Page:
Da Workers World.
Tiananmen Square ‘massacre’ was a myth
Published Jun 29, 2011 2:53 PM
How many times have we been told that the U.S. is an “open” society and the media are “free”?
Usually such claims are made when criticizing other countries for not being “open,” especially countries that don’t follow Washington’s agenda.
If you live in the United States and depend on the supposedly “free” and “open” commercial media for information, you would without a doubt believe that the Chinese government massacred “hundreds, perhaps thousands” of students in Tiananmen Square on June 4, 1989. That phrase has been repeated tens of thousands of times by the media of this country.
But it’s a myth. Furthermore, the U.S. government knows it’s a myth. And all the major media know it too. But they refuse to correct the record because of the basic hostility of the U.S. imperialist ruling class to China.
On what do we base this assertion? Several sources.
The most recent is a WikiLeaks release of cables sent from the U.S. Embassy in Beijing to the State Department in June 1989, a few days after the events in China.
Second is an assertion in November 1989 by the Beijing bureau chief of the New York Times, an assertion that has never again been referred to by that newspaper.
And third is the account of what happened by the Chinese government itself, which is corroborated by the first two.
Only one major Western newspaper has published the WikiLeaks cables. That was the Telegraph of London on June 4 of this year, exactly 22 years after the Chinese government called out the troops in Beijing.
Two cables dated July 7, 1989 — more than a month after the fighting — related the following:
“A Chilean diplomat provides an eye-witness account of the soldiers entering Tiananmen Square: He watched the military enter the square and did not observe any mass firing of weapons into the crowds, although sporadic gunfire was heard. He said that most of the troops which entered the square were actually armed only with anti-riot gear — truncheons and wooden clubs; they were backed up by armed soldiers.”
A following cable stated: “A Chilean diplomat provides an eye-witness account of the soldiers entering Tiananmen Square: Although gunfire could be heard, he said that apart from some beating of students, there was no mass firing into the crowd of students at the monument.”
It should be remembered that Chile at that time was ruled by Gen. Augusto Pinochet, who had come to power in a violent, anti-socialist, U.S.-supported right-wing coup in which thousands of leftists, including President Salvador Allende, had been killed. The “Chilean diplomat” referred to would have been no friend of China.
Not one U.S. newspaper, television or radio outlet has reported or commented on these cables released by WikiLeaks, nor on the Telegraph story about them. It is as though they fell into a bottomless chasm.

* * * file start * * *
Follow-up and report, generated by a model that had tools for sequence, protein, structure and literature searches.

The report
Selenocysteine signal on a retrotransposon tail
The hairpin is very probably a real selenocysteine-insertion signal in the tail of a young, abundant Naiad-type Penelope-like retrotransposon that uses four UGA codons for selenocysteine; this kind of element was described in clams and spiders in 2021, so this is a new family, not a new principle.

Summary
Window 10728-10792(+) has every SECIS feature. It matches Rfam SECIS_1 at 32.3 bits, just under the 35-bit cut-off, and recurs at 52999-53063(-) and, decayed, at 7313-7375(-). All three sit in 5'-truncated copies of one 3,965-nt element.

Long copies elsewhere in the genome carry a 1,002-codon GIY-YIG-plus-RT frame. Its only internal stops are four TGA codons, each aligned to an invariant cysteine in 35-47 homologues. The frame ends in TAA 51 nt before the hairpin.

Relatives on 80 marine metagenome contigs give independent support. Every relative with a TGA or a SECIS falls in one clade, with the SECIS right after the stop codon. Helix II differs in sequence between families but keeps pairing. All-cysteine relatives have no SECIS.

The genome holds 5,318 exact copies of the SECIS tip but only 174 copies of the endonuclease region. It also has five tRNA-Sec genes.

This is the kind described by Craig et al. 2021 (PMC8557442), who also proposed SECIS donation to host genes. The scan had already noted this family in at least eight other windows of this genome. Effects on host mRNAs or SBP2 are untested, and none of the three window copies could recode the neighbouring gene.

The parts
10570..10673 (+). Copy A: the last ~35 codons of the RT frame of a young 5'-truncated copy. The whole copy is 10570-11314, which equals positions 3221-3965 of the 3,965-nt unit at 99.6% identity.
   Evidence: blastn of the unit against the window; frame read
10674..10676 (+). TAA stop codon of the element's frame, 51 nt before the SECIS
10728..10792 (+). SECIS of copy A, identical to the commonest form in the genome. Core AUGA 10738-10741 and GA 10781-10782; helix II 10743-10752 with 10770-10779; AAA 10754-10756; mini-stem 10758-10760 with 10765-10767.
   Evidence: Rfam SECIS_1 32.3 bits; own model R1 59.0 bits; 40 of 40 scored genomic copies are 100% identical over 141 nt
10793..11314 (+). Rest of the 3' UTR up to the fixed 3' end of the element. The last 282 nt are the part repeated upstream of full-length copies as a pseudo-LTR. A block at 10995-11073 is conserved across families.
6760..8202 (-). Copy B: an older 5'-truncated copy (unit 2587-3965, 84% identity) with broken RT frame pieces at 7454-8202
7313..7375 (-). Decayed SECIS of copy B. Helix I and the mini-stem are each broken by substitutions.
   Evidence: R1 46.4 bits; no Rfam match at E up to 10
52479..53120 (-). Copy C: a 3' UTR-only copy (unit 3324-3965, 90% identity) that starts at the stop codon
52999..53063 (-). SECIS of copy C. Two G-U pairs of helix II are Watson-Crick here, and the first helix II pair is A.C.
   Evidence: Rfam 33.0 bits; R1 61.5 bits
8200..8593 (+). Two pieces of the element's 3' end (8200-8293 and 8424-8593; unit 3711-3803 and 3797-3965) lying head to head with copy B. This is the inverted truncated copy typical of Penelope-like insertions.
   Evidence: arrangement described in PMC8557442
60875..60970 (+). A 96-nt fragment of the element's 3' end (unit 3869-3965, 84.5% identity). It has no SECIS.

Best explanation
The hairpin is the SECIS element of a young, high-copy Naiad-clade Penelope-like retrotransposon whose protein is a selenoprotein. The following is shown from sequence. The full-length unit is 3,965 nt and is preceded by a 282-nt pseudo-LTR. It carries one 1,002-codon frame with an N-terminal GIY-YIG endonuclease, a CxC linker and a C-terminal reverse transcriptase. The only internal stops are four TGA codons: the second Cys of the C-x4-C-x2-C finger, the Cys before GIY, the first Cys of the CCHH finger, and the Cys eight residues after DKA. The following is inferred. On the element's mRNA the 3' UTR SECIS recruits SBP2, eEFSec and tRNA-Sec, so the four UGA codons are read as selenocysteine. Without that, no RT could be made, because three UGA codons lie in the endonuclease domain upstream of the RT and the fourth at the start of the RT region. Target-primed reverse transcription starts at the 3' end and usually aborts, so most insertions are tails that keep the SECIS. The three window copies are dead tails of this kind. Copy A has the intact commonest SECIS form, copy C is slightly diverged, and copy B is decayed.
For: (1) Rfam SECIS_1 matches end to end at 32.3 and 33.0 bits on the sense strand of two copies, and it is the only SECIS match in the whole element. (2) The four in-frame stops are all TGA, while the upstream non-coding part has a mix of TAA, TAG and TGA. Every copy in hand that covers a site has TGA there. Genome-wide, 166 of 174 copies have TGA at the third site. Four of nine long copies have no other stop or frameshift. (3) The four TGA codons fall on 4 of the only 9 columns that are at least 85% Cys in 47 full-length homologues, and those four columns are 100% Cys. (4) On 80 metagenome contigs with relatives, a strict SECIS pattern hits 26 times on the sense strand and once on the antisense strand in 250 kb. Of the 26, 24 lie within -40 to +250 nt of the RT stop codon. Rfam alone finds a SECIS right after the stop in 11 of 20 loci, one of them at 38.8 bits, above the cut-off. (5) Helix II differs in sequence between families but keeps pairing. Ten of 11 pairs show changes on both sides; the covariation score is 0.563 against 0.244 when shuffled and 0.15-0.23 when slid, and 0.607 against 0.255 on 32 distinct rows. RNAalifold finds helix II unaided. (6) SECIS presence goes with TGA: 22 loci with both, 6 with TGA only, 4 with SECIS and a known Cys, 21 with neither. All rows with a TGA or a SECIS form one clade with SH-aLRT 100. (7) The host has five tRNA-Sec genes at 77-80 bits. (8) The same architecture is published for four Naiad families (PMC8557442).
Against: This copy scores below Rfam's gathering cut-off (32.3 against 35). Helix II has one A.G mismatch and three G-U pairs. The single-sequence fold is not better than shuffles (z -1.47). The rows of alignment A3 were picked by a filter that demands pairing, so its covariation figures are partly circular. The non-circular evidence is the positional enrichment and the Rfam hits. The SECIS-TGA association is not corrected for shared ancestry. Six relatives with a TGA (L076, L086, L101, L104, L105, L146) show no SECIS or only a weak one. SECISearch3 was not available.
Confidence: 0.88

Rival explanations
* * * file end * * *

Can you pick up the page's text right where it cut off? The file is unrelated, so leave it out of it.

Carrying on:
Is it because the media here don’t believe the report is credible? Hardly.
They knew the truth in 1989
The New York Times knows it’s credible. Their own Beijing bureau chief at the time, Nicholas Kristof, confirmed it in an extensive article entitled “China Update: How the Hardliners Won,” published in the Sunday Times magazine on Nov. 12, 1989, five months after the supposed massacre in the square.
At the very end of this long article, which purported to give an inside view of a debate within the Chinese Communist Party leadership, Kristof stated categorically: “Based on my observations in the streets, neither the official account nor many of the foreign versions are quite correct. There is no massacre in Tiananmen Square, for example, although there is plenty of killing elsewhere.”
Even though Kristof’s article was harshly critical of China, his statement that there was “no massacre in Tiananmen Square” immediately drew howls of protest from China bashers in the U.S., as reflected in the Times’ letters column.
Had there been fighting in Beijing? Absolutely. But there was no massacre of unarmed students in the square. That was an invention by the West, intended to demonize the Chinese government and win public sympathy for a counter-revolution.
The turn toward a market economy under Deng Xiaoping had alienated many workers. There was also a counter-revolutionary element trying to take advantage of popular grievances to completely restore capitalism.
The imperialists were hoping the struggles in Beijing would bring down the Chinese Communist Party and destroy the planned economy — similar to what was to happen two years later in the Soviet Union. They wanted to “open up” China, not to truth, but to the looting of the people’s property by imperialist banks and corporations.
After much wavering at the top, the army was called out and the uprising crushed. China was not broken up like the Soviet Union; its economy has not imploded nor has the standard of living declined. Quite the opposite. Wages and social conditions have been improving at a time when workers elsewhere are being forced backward by a severe capitalist economic crisis.
Despite deep concessions to capitalism, foreign and domestic, China continues to have a planned economy based on a strong state-owned infrastructure.
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